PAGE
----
Wood stove value chain
Improvements in wood stove technology will influence the emission profile, but technology improvements have monetary costs. This year, an integrated analysis considering environmental and economic aspects of two different wood stove technologies (old and new wood stoves with technology for staged air combustion, which reduces particle emissions) operated on different loads (partial and nominal) has been performed. See Figure 2 for an overview of the wood stove value chain.
The environmental analysis is a state-of-the-art LCA, where greenhouse gases as well as other air pollutants affecting human health and having environmental impacts were included. The economic analysis is a cost assessment, analysing cost structures and comparing costs between different wood stove technologies and operation modes. The costs estimated in the analysis are levelised cost of energy, meaning no margins or profits are included. The addition of margins is also analysed, through three levels of margins in addition to the base case. This way, trade-offs between environmental impacts and between environment and economy can be revealed. The analyses are based on empirical and experimental data from the CenBio project partners, describing the current situation in Norway.
Figure 2: Wood stove value chain.
The results from the environmental analysis show that the switch from an old wood stove technology to a new technology with staged air combustion gives a decrease in all emissions and impact categories. However, we see that the effect of the stove load is even more important for many of the impacts and emissions. Climate change can be reduced by more than 80 percent, and particulate matter by more than 90 per cent, going from the most polluting technology to the cleanest. Combustion in the wood stove is the main contributor to all impacts and emissions except ozone depletion and freshwater eutrophication, where transportation dominates.
The results from the economic analysis show that the cost reduction from the most expensive to the cheapest technology is approximately 10 per cent. The largest costs arise at the end of the value chain, where operational expenditures for transportation and firewood production and capital expenditures for the wood stove make up approximately 75 per cent of the cost. Adding margins to the levelized cost of energy, we see that even a moderate margin of 10 per cent affects the cost as much as a switch from the cheapest to the most expensive technology.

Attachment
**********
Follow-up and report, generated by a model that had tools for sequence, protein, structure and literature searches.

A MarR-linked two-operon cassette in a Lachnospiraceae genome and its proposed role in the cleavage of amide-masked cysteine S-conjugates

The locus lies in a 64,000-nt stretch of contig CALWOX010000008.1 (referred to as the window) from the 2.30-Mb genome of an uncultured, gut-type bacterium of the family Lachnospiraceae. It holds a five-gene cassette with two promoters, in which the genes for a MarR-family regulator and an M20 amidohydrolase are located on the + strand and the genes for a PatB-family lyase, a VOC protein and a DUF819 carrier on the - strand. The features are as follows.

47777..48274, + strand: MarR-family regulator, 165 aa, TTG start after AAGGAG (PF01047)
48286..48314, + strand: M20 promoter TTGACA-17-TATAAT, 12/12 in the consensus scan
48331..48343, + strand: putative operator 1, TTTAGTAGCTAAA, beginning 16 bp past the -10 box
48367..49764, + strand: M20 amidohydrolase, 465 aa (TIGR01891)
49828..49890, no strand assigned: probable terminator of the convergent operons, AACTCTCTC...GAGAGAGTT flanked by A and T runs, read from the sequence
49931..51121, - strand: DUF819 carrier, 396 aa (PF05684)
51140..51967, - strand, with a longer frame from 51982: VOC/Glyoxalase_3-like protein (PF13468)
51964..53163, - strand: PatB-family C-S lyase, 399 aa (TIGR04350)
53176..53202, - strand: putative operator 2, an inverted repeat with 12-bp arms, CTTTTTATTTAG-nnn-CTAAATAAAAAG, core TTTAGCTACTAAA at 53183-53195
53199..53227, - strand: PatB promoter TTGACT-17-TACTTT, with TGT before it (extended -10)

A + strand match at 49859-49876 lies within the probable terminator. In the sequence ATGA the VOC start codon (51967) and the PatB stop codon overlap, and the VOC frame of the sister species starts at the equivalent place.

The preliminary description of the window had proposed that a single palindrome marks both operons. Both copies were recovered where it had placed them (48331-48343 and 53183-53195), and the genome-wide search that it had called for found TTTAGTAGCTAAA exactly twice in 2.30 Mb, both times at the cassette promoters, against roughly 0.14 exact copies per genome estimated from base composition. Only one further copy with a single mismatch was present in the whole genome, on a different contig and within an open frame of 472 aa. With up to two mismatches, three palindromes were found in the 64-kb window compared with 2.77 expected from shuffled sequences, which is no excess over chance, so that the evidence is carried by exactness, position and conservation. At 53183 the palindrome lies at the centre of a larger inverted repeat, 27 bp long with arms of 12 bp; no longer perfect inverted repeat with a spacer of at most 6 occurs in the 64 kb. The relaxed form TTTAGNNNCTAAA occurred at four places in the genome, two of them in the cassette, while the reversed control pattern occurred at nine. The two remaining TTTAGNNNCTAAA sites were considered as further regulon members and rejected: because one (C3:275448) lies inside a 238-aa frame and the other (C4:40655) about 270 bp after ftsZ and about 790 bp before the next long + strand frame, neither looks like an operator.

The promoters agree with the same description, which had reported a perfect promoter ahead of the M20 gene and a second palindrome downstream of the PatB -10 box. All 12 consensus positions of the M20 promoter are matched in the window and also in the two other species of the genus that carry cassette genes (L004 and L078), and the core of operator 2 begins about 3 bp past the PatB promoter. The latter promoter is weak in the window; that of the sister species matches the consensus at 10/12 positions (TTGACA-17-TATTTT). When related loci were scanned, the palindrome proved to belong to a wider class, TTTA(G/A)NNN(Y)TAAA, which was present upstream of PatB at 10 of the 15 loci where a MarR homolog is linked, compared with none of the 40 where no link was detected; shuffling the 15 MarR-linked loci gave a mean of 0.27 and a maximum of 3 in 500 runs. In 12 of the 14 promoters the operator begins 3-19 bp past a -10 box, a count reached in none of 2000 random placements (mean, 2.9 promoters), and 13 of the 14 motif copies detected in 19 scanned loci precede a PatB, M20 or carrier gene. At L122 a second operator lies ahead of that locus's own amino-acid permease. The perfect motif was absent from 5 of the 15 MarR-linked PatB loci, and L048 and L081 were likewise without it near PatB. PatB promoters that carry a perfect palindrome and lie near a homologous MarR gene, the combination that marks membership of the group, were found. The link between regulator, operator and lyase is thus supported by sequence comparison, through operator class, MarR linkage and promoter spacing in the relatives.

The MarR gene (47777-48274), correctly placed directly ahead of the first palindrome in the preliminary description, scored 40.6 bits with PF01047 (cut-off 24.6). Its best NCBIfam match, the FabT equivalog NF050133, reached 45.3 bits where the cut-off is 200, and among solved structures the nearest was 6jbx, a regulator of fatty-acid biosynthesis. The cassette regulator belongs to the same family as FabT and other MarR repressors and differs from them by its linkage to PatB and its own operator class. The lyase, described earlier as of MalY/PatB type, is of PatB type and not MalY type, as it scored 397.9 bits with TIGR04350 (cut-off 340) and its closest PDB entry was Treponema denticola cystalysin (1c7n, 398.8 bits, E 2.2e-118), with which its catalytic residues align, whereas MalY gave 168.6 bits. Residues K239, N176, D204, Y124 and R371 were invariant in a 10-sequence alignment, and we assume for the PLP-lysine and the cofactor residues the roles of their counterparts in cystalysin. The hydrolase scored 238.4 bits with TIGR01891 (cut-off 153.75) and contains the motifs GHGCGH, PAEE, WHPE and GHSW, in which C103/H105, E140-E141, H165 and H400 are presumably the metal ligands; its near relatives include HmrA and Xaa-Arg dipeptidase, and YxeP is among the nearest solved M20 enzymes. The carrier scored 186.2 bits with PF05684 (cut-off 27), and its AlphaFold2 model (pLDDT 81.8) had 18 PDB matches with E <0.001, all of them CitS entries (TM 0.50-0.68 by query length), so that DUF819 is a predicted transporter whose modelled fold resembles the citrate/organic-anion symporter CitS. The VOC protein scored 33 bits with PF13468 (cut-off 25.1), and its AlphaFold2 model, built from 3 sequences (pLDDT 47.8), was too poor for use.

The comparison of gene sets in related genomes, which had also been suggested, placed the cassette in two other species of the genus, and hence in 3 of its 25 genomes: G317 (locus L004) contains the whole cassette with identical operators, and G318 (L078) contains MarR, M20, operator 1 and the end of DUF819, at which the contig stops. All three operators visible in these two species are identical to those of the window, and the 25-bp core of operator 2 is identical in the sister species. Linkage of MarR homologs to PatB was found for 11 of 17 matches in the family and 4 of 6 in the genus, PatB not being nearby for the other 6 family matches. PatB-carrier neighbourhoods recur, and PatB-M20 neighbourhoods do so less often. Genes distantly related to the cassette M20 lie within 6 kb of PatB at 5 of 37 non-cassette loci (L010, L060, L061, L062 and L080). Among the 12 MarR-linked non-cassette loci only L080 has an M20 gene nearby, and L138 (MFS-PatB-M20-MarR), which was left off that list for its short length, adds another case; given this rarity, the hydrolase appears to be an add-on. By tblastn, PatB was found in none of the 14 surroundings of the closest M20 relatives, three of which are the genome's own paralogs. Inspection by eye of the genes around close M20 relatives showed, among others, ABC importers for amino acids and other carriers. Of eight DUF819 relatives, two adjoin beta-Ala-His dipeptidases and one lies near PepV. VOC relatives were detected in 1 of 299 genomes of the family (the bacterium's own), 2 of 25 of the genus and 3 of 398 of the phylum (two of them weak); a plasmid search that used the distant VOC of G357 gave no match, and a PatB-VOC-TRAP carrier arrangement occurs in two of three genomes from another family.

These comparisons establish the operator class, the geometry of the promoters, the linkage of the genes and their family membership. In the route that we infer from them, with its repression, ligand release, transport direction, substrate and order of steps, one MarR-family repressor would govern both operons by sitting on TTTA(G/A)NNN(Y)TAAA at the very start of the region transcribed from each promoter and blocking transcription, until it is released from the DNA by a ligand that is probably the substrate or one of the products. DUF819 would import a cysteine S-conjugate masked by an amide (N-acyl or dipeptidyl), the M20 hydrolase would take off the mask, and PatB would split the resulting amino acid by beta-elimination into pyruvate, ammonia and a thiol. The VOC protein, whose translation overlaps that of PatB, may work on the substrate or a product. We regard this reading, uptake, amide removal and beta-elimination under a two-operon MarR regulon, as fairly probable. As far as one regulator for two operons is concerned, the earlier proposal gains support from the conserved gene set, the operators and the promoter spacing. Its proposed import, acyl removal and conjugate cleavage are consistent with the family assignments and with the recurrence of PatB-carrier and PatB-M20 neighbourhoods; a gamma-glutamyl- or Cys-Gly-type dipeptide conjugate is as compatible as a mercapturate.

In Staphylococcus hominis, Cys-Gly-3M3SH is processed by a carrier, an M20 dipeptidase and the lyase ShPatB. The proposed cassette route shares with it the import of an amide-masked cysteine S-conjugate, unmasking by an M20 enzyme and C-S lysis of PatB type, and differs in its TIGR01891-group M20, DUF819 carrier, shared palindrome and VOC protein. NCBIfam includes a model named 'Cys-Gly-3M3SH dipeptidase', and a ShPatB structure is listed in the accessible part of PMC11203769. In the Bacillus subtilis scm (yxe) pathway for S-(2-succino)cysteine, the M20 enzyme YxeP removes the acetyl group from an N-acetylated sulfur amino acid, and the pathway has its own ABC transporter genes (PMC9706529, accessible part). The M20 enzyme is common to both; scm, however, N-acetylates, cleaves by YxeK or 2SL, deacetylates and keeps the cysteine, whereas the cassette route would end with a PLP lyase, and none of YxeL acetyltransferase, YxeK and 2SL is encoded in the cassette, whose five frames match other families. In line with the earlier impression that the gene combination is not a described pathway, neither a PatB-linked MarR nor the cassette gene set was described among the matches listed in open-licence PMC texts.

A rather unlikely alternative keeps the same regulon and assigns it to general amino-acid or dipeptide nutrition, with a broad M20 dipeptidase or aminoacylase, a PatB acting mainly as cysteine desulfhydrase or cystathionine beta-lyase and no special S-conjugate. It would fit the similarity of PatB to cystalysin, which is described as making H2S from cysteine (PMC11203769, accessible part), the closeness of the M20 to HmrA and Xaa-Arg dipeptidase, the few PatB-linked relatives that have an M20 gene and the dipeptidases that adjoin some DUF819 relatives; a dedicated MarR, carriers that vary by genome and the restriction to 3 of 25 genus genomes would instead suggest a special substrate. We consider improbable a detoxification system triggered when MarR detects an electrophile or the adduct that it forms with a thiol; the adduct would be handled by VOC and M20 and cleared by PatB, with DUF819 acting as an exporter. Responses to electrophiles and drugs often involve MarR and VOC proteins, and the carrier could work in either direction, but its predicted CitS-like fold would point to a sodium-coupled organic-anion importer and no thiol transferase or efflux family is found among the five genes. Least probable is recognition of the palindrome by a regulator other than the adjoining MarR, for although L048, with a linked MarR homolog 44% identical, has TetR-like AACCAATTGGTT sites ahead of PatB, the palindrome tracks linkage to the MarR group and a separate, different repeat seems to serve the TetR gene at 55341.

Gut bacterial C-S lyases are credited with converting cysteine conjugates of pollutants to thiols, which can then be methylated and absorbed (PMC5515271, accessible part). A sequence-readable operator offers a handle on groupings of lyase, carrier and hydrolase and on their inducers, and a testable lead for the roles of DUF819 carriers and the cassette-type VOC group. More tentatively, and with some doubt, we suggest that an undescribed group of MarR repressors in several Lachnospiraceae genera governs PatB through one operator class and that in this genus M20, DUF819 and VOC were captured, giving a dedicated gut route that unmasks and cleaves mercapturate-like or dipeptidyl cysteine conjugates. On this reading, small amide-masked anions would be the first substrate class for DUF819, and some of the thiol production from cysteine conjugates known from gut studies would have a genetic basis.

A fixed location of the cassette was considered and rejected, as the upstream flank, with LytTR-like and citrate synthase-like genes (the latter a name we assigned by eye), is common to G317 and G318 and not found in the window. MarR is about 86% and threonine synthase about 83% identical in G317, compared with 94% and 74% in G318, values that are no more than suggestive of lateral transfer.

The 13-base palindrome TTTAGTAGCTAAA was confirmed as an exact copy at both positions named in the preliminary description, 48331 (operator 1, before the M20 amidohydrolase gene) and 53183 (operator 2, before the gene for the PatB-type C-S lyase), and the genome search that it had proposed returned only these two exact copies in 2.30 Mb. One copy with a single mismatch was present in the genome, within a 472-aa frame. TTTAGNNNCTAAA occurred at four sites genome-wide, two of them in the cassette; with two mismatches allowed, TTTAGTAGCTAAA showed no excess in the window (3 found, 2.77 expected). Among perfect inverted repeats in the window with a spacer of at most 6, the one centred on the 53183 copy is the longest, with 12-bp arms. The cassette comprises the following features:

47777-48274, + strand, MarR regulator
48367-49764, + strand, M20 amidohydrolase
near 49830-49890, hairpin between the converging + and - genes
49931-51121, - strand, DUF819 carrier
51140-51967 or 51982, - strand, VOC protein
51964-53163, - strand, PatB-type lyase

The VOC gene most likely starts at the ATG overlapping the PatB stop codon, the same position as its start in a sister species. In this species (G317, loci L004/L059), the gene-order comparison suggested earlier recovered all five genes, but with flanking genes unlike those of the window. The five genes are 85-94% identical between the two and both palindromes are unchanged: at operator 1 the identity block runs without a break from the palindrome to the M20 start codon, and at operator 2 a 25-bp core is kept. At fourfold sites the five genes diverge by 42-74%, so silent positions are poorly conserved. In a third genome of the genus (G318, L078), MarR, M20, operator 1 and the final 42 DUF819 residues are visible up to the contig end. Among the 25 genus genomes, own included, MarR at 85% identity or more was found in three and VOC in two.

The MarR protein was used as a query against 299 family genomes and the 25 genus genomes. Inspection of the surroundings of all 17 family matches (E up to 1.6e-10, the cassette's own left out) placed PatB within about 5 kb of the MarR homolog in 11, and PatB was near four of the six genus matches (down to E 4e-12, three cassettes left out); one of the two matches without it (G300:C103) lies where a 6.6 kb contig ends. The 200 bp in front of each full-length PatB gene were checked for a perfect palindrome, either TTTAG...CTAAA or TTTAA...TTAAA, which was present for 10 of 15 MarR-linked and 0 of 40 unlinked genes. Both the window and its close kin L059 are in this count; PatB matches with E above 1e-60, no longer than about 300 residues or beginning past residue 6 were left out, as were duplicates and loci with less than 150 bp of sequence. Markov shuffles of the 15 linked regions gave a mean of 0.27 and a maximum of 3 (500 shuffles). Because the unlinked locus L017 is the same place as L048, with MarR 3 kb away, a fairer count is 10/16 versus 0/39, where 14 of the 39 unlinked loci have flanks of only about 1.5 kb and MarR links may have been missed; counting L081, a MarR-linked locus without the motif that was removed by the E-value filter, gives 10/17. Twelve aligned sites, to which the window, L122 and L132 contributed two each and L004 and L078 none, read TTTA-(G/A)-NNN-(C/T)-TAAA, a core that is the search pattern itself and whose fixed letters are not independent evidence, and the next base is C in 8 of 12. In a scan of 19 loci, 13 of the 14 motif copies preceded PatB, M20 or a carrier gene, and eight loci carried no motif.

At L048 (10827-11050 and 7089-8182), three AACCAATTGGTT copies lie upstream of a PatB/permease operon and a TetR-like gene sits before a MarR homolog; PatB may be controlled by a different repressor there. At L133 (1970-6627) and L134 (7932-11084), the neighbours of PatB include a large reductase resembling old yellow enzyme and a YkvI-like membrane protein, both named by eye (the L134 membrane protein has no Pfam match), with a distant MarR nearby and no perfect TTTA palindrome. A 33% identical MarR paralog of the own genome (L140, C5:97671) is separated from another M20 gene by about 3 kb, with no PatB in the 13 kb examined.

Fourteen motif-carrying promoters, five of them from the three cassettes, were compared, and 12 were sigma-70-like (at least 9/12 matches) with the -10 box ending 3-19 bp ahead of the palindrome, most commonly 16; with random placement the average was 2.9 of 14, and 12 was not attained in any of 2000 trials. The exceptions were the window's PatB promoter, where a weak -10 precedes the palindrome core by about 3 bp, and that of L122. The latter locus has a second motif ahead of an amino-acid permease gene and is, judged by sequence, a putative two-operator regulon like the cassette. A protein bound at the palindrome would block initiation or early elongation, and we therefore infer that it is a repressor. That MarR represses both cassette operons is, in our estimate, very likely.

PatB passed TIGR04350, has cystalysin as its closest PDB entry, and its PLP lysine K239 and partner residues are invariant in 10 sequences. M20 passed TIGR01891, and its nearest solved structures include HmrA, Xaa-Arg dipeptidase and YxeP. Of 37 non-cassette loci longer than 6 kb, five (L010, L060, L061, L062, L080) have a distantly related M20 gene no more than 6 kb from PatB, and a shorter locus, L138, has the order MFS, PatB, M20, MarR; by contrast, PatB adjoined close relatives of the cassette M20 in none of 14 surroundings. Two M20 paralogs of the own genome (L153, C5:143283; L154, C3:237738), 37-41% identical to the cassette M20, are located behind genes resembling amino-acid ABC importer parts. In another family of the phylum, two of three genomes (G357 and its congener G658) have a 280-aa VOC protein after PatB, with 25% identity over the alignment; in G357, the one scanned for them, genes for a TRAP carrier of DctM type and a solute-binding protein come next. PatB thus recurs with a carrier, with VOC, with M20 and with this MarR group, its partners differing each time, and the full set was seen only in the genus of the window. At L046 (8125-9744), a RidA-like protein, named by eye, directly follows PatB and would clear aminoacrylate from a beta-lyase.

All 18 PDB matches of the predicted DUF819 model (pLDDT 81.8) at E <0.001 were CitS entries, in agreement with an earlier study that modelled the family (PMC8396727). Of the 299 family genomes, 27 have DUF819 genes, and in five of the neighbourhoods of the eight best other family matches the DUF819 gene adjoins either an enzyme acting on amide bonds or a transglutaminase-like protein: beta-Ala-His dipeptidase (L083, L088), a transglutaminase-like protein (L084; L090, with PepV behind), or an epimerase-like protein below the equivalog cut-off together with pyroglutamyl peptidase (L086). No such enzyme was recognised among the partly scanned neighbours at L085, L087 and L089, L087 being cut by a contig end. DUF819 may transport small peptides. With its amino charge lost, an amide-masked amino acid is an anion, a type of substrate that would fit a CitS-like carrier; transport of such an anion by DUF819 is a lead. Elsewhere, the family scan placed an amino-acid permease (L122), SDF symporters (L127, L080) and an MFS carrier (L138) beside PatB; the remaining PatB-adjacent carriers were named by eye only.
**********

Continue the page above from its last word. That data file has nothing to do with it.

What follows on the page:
Comparing the results from the environmental and economic analysis, we see that there is a clear trade-off in terms of environmental impacts and costs. The cleanest technology is the most expensive and the most polluting is the cheapest. However, the emission reductions are overall substantially higher in per cent than the cost increase. For both environmental impacts and costs, the main hot spots in the value chain are transport and combustion in the wood stove.
Biogas value chain
The production of biogas through anaerobic digestion has grown rapidly over the years, mainly due to the increasing global concerns about mitigation of greenhouse gas emissions from the energy sector and enhancement of energy security. Biogas can be used directly for heating and electricity generation and as a substitute for other fossil fuel applications, e.g. transportation fuel. The potential utilization of the digestate as fertilizer can also reduce dependence on energy intensive mineral fertilizers, to further mitigate greenhouse gas emissions. However, the quantification of the climate change impacts and possible benefits of biogas systems is highly dependent on many factors, such as the type of feedstock, operational practices, energy and materials consumed for cultivation and transport of feedstocks, biogas utilization and demand for transportation and disposal of the process residues. In addition, choices related to the LCA methodology undertaken in the analysis, such as allocation issues, definition of system boundaries and functional units, can also shape the final outcomes. See the biogas value chain in Figure 3.
Figure 3: Biogas value chain
In order to prevent possible burden-shifts of concerns, other environmental impact categories than climate change should also be factored in the assessment, such as eutrophication, acidification, toxicity, primary energy consumptions. All these factors have to be considered in the quest for environmental friendly and sustainable energy production from biogas.
To calibrate the biogas value chain to Norwegian context, the SP6 team has been working in close collaboration with the Lindum plant, located in Drammen and which uses Cambi technology.